In last week’s post, we reviewed the Federal Reserve’s recent report on CREDIT ACCESS AND DEBT PAYMENT in the post-pandemic economy. The report covered credit and debt holding, delinquencies, and balances in collection for the major credit product categories: mortgages, credit card, auto loans and student loans.

Of these four categories, how to handle the burgeoning level of student loan debt has garnered the most attention from pundits and politicians alike. Which might explain why the Fed is embarking on a series of reports covering the student debt story.

In today’s post, we take a deep dive into student loan repayment during pandemic forbearance.


About 37 million borrowers of Direct federal student loans did not have to make loan payments starting in March, 2020. This translates to an estimated $195 billion in waived payments running through April, 2022.

On the flipside, more than 10 million borrowers who held private or FFEL (Family Federated Education Loan) loans, continued making payments during the pandemic. (NOTE: FFEL loans are broken out into those held by the Federal government or commercial banks).

This post looks at how each of these loan-holding groups fared prior to and during the pandemic. For perspective, let’s look at the debt/credit profile of each group, in the chart below.

As you can see, Direct student loan borrowers have lower credit scores, higher balances and about 85% of total, outstanding student loan balances.


The chart below walks us through the state of borrowers in forbearance/deferment, as well as the level of delinquencies (not defaults). Here’s what we see:

  • In the year leading up to the pandemic, the share of borrowers in forbearance remined consistent across all groups. Note that the forbearance rate for Direct loans is about double that of FFEL and private loans. This is primarily a function of in-school deferments, a type of deferment that allows the borrower to temporarily pause payments while attending college.
  • In the early stages of the pandemic, forbearance rose across all borrowing groups, with Direct loans rising to near 100% administrative forbearance.
  • We then see that previously-marked delinquent loans (grid to the right) were immediately marked current for Direct borrowers.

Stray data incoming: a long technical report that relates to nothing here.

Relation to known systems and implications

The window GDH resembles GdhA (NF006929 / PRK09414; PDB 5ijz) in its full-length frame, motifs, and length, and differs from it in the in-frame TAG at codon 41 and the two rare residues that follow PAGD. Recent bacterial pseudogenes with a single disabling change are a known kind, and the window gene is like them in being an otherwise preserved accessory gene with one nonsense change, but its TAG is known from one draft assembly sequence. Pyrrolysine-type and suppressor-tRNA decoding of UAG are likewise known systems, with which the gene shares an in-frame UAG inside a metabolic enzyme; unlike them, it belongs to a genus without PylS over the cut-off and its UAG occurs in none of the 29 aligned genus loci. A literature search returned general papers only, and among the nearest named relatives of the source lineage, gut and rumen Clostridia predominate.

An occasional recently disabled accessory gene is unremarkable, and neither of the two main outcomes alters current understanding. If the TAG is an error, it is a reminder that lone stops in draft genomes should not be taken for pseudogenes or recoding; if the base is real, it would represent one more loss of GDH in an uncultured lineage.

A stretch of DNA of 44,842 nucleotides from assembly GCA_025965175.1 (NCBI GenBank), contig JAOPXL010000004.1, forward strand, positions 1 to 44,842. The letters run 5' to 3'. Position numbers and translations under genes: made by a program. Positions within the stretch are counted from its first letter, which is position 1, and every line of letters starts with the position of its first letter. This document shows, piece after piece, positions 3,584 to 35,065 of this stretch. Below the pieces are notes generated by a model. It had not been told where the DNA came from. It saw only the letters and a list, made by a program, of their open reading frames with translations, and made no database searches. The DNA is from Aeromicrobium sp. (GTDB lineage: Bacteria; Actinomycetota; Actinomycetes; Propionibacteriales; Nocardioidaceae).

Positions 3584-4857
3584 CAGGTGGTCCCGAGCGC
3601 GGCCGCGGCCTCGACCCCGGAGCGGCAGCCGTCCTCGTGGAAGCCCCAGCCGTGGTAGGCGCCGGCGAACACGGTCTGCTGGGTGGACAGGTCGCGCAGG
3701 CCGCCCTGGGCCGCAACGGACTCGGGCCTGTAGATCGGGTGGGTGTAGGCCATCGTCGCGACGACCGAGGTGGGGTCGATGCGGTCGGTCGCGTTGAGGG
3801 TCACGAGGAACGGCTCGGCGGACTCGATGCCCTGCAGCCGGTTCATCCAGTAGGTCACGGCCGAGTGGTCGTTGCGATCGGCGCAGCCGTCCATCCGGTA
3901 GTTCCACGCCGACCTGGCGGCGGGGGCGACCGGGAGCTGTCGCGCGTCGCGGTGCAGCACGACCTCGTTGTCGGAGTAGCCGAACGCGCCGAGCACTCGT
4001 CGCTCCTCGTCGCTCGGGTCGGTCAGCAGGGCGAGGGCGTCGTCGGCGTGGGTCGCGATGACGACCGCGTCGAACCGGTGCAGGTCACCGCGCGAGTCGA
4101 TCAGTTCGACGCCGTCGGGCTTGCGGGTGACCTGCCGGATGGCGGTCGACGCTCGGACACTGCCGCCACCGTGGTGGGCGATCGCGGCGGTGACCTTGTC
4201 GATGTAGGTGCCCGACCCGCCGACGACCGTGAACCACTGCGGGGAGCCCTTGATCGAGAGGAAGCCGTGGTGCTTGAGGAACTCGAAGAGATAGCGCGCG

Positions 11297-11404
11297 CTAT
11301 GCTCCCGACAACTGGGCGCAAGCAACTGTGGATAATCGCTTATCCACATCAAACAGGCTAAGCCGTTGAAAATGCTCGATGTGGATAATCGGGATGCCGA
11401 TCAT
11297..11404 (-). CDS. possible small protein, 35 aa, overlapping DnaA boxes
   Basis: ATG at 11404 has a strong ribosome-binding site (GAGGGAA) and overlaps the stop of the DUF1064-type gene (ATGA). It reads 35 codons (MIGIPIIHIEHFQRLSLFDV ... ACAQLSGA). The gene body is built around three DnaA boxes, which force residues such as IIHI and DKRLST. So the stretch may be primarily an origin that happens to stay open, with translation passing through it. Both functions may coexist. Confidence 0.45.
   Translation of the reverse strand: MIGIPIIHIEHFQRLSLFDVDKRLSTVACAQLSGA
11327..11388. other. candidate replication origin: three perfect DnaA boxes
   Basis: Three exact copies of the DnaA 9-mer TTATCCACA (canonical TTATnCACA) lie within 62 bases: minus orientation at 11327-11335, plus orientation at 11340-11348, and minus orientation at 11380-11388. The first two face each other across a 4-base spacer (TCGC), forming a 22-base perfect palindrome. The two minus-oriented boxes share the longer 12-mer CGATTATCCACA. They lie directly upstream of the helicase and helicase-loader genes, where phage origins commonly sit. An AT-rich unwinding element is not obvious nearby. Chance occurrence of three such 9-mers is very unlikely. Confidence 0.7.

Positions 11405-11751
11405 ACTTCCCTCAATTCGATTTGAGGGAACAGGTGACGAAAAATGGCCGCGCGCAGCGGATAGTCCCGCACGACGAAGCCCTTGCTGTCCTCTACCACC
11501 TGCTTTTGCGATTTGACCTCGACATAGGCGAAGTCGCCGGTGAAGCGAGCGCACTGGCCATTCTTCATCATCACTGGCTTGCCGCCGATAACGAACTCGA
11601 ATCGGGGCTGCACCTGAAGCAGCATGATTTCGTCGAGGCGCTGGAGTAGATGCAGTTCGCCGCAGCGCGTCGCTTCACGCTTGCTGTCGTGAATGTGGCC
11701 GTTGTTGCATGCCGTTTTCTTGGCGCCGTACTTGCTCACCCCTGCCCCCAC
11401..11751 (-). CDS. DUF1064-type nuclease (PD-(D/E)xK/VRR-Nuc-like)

• Many previously delinquent FFEL loans were also marked current, which drove the FFEL delinquency rate to 3.2%, from 5.4%. Because voluntary forbearance lasted on a few months, FFEL delinquencies rose through the remainder of 2020, dropping slightly in March, 2021 when the federal government issued a new round of stimulus checks.


Next, the Fed’s report looked at the evolution of borrowers’ balance before and during the pandemic. The three charts below outline two metrics:

  • BLUE BAR: Changes in balances during the pandemic-April 2020 through December 2021.
  • RED BAR: Changes between June 2018 and February 2020.

Let’s start with Direct borrowers:

  • Prior to the pandemic, there was nearly an even split between borrowers who were making progress (40% with decreasing balances) and those with increasing balances (43%).
  • The share of borrowers with increasing balances dropped to nearly zero during the pandemic thanks to administrative forbearance, and the temporary 0% interest rates.
  • Of the borrowers who had increasing balances pre-pandemic, 83% had no change in their balance during the pandemic forbearance period. However, 9% did make some progress.
  • Borrowers with declining balances pre-pandemic were more likely to continue with declining balances during the pandemic.


Next, we look at FFEL borrowers:

  • Prior to the pandemic a higher share of FFEL borrowers showed declining balances (59%) compared to Direct borrowers (40%).
  • In general, FFEL borrowers tend to be older and hold higher credit scores. This might explain why they tend NOT to show increasing balances over time. In fact, FFEL borrowers did not change their paydown habits during the pandemic.
  • About 1% of FFEL borrowers actually accelerated their rate of paydown during the pandemic. On the flipside, 2% grew their balances during the pandemic.

Finally, we look at private student loan borrowers, and find:

  • This group of borrowers accelerated paydown during the pandemic, compared to the 20 month period leading up to the pandemic.
  • Private borrowers tended to make larger balance reductions during the pandemic. For example, 49% of private loan borrowers paid down their balances by at least $2,000.


Moving forward, the question is: how will Direct borrowers fare now we’re reaching the end of forbearance programs. We know that Direct borrowers have higher balances, lower credit scores and made less progress in paying down their balances during the pandemic.

Various policy proposals have been put forth. These include not reporting missed payments to the credit bureaus, or possibly cancelling student loan debt outright. As of now, these ideas are the subject of much debate, but little action. To that end, the Fed will continue to explore the issue of student loan debt in future reports.


Jacob Goss, Daniel Mangrum, and Joelle Scally, “Student Loan Repayment during the Pandemic Forbearance,” Federal Reserve Bank of New York Liberty Street Economics, March 22, 2022,


To learn more about Recovery Decision Science contact:

Kacey Rask : Vice-President, Portfolio Servicing

[email protected] / 513.489.8877, ext. 261